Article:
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March 9, 2015 / thackersam

March 8 – The Case Against February

GroundhogI have my personal reasons to want to start a movement to put an end to this stupid month forever. For instance, we were only five days into February last year when, without warning, we lost my dearest and oldest friend Vicki. And then this year an old friend, someone I was friends with from first grade through the beginning of high school also passed. That was not unexpected. I was fortunate to see her again after 40 years just this past summer, when we dined together with another old and current friend, who feels her loss as I feel Vicki’s. I’m sure after this year many of you would consider joining the movement to abolish February for your own reasons. Throughout the country we have suffered an onslaught of nonstop horrible weather, not just dotting the end of the winter as February has been known for, but prolonging it making us fear it would never stop. My holiday blues stretched nearly beyond their limit and could have snapped in a weaker person. Reports of my poor cousin, south of Boston, spending hours upon hours out in the cold on his tractor, clearing away pounds and pounds of snow, over and over again, make me ashamed to complain, but I’m doing it for all of us.

It is not just due to the occurrences over the last couple of years that prompt my contempt for the month, it’s the obvious stuff. First, it’s hard to say correctly and even I, who can be a stickler about such things, more often than not will skip the first R and simply say Febuary. (Note: If abolishment is not possible, we should at least change the name to Feblueary to better reflect my state of mind.) Then of course there’s that bizarre day thing. When trying to remember how many days in a particular month, don’t we run through our heads, even recite out loud, “Thirty days have September, April, June and November. All the rest have thirty-one, except for February…” Then who remembers how the rest goes or what it even means. It’s without rhyme or reason, literally. Wouldn’t it be best to say “31 days are in September, April, June and November. All the rest have 32, because we’re not crazy. And how are you?” I will leave it to the experts to figure the redistribution of days and factoring the solstices and whatnot throughout the 11 months we are left with.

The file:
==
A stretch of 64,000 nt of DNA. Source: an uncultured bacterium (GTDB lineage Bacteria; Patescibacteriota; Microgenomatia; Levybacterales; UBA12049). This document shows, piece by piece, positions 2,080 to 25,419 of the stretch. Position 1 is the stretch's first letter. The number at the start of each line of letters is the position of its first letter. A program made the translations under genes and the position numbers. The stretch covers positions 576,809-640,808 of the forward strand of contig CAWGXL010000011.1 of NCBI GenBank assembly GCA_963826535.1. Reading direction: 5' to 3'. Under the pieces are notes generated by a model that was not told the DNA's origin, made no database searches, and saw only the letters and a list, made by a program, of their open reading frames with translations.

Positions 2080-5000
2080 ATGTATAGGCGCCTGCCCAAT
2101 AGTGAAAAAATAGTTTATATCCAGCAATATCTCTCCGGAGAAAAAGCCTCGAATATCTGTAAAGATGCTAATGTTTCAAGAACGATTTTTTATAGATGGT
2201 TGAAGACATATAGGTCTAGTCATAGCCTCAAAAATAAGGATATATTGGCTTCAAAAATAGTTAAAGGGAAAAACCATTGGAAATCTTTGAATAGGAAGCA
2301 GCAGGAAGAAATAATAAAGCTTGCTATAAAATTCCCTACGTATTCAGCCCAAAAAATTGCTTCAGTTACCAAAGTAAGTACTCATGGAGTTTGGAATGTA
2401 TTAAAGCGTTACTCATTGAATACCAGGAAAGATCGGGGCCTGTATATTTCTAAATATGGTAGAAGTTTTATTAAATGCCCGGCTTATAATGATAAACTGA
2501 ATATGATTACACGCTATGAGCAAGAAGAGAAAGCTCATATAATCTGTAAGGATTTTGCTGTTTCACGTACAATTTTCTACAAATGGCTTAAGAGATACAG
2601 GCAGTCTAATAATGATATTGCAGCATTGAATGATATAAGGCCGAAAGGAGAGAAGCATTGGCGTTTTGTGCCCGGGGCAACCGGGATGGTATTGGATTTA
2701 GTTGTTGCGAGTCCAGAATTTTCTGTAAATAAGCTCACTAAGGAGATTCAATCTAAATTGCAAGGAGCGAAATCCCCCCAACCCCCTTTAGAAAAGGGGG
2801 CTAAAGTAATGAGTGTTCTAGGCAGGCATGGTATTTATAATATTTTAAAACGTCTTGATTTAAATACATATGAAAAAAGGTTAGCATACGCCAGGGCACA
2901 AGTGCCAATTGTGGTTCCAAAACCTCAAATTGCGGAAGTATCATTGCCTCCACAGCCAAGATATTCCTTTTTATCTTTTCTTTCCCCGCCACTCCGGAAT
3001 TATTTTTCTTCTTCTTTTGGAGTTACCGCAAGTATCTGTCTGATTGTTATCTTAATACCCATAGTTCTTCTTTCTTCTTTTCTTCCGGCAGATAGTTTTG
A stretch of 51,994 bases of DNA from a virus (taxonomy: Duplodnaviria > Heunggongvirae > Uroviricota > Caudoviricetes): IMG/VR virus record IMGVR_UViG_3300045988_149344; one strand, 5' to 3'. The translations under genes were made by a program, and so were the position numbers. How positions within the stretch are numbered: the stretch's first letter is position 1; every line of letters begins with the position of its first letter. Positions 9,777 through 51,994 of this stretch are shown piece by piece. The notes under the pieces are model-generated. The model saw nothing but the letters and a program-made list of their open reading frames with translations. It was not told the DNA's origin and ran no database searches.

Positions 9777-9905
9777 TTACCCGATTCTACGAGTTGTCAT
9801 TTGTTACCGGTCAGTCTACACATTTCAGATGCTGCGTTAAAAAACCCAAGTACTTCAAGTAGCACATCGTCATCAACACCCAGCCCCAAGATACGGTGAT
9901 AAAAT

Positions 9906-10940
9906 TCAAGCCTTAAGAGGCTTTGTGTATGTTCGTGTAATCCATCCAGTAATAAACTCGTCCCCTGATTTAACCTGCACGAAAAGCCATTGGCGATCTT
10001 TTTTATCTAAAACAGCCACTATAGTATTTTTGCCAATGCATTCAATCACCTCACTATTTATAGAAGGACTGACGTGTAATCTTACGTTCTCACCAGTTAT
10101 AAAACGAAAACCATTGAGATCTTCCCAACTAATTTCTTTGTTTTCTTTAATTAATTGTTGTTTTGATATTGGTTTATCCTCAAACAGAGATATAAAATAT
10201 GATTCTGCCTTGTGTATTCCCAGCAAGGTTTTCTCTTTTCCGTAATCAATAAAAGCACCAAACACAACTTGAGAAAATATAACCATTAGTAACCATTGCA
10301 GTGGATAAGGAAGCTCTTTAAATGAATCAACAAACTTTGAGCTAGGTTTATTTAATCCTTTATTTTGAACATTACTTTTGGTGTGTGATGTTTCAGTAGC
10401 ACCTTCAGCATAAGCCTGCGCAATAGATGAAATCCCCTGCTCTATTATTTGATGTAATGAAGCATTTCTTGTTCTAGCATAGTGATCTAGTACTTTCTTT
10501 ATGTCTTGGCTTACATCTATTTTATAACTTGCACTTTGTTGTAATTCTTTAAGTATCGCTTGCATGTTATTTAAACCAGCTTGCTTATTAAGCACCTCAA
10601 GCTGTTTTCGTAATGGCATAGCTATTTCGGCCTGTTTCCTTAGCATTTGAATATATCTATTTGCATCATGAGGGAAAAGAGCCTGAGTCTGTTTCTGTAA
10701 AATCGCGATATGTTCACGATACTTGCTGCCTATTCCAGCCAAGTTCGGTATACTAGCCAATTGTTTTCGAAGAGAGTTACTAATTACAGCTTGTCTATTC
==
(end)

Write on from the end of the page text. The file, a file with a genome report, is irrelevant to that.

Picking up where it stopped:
We would do away with those nonsense holidays like Groundhog Day that can only be annoying to the poor creatures, who are saddled with the responsibility of predicting the weather, an ability they have proved time and time again not to have, and I’m sure they don’t want to be burdened with. Do we not get that by now? Last year, my city’s very tall mayor dropped a groundhog, which resulted in its death. I don’t blame the mayor, I fault our adherence to silliness on behalf of tradition. Please don’t get me started on Valentine’s Day. (Seriously, don’t get me started because I have a story about last year, that all I will say about it is, the good news is there was no one to disappoint me this year. Really, all I asked for was a cozy dinner at my place, no flowers, chocolates or stuffed animals clinging to hearts.) And then there are those people who call it Valentime’s Day.

I do like the holidays that have historical relevance – President’s Day and Martin Luther King’s birthday. I was one of those who originally objected when we started moving all the holidays to Mondays out of convenience. Now, I like it. Just don’t touch the 4th of July. As March is one of the longer months and has no holidays that close the office for the day, both those February holidays can move there. I understand that the people with February birthdays may be reluctant to shift their own special days, but not if we offer them the opportunity to pick their new birthdays from any of the 365 days and to subtract two years from their ages as an added bonus. I know I would change my birthday from the end of November when Thanksgiving frequently interferes with celebration plans, opting instead for a lovely spring day. If we put our heads together, this could work. I can’t be the only person that has ever thought of it.

I accept no responsibility for my weight set-back, nor for my lack of initiative to work on my writing projects other than the blog and all the stuff I do for the job that pays the bills. I blame February.

 

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